Saturday, June 10, 2006

Historic parallel: The Haun's Mill Massacre

    "You become a human being at birth. Did you ever hear of a fetus getting a birth certificate.? I don't make these rules..the government pick on the government..not me."

Thus endeth a post at the old Pro Life Forum.

I think this fellow is sawing off the limb upon which he perches, declaring that the government, and the government alone, has the moral legitimacy to decree who is human and entitled to protection from slaughter. After all, prior to Roe, it wasn't legal to go about killing fetuses. By arguing that the government has the moral legitimacy to decree who is human, this fellow is conceding that prior to Roe, fetuses were indeed people and it was indeed wrong to kill them. But let's leave that aside and look at the underlying premise: that the government has the moral legitimacy to decide who is a person, entitled to the protection of the law, entitled to keep his or her life.

Prolifers tend to throw up the Nazi regime's declarations that Jews were not fully human, but that's so inflammatory and emotionally charged that few people can set aside the emotions and consider the political philosophy behind the debate. I'd like to look at something closer to home, a lesser-known situation, that perhaps can tolerate a more dispassionate examination: The Haun's Mill Massacre of 1838.

On October 27, 1838, Governor Lilburn W. Boggs of Missouri issued an Extermination Order, declaring that "the Mormons must be treated as enemies, and must be exterminated or driven from the State if necessary for the public peace...." Most Missouri citizens backed the order (although some did question or denounce it). The Mormons were, in the simplest of terms, "unwanted."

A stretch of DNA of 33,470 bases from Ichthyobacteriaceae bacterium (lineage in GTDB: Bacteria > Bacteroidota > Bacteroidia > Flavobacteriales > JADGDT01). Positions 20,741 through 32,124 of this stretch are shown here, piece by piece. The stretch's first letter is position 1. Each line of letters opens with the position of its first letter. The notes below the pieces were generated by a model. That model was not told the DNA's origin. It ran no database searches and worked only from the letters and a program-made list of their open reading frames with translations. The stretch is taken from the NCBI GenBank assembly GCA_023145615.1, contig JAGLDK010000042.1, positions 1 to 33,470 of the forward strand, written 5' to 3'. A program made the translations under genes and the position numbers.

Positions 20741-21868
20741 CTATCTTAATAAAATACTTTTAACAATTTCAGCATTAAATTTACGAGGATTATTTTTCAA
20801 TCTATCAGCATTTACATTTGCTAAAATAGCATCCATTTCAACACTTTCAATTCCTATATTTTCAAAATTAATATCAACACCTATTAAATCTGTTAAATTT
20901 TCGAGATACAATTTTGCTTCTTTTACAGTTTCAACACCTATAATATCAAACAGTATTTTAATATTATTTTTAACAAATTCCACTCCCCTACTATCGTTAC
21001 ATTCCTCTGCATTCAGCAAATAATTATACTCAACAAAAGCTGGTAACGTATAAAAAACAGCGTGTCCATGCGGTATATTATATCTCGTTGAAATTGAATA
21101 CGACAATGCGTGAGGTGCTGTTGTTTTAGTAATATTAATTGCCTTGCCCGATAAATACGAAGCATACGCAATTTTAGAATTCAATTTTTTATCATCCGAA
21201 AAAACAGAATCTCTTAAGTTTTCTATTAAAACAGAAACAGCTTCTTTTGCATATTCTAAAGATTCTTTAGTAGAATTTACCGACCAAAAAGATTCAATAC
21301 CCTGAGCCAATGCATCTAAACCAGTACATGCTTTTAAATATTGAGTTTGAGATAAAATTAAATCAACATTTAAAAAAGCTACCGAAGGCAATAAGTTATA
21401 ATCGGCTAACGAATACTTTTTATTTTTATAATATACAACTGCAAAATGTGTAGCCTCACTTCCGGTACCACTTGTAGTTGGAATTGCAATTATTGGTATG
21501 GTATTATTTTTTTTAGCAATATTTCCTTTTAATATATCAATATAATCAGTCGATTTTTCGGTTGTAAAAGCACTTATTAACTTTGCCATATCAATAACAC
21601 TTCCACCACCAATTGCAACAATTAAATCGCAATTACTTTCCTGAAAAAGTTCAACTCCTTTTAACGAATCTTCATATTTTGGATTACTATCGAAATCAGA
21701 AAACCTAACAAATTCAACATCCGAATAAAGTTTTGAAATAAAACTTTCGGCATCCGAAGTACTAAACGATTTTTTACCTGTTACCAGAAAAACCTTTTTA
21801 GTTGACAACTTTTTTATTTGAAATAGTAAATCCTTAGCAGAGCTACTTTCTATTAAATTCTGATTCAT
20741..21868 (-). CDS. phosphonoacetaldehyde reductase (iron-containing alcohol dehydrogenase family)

On October 30, with the Extermination Order as justification, a band of the Missouri Militia launched an attack on a small Mormon settlement at Haun's Mill, killing 17 Mormons, including a 10-year-old boy who was shot in the head as he cowered under the bellows of the blacksmith shop, and a 78-year-old man who was shot after he had surrendered his musket.

For a more detailed account of the events, see the links in the sidebar on this page. For a rare and recently unearthed first-person account, see The Reminiscence of Willard Gilbert Smith.

Several years ago, I spoke with a Latter-Day Saints historian, who told me that survivors of the Massacre sued the state of Missouri over the deaths of their loved ones, taking their case all the way to the Supreme Court. The Court, he said, backed the state on the grounds that the killings were perfectly legal.

Meanwhile, the Extermination Order remained on the books in Missouri until recinded by executive order of Governor Christopher S. Bond on June 25, 1976. So until 1976, it was perfectly legal to kill a Mormon in Missouri. Did that make it right?

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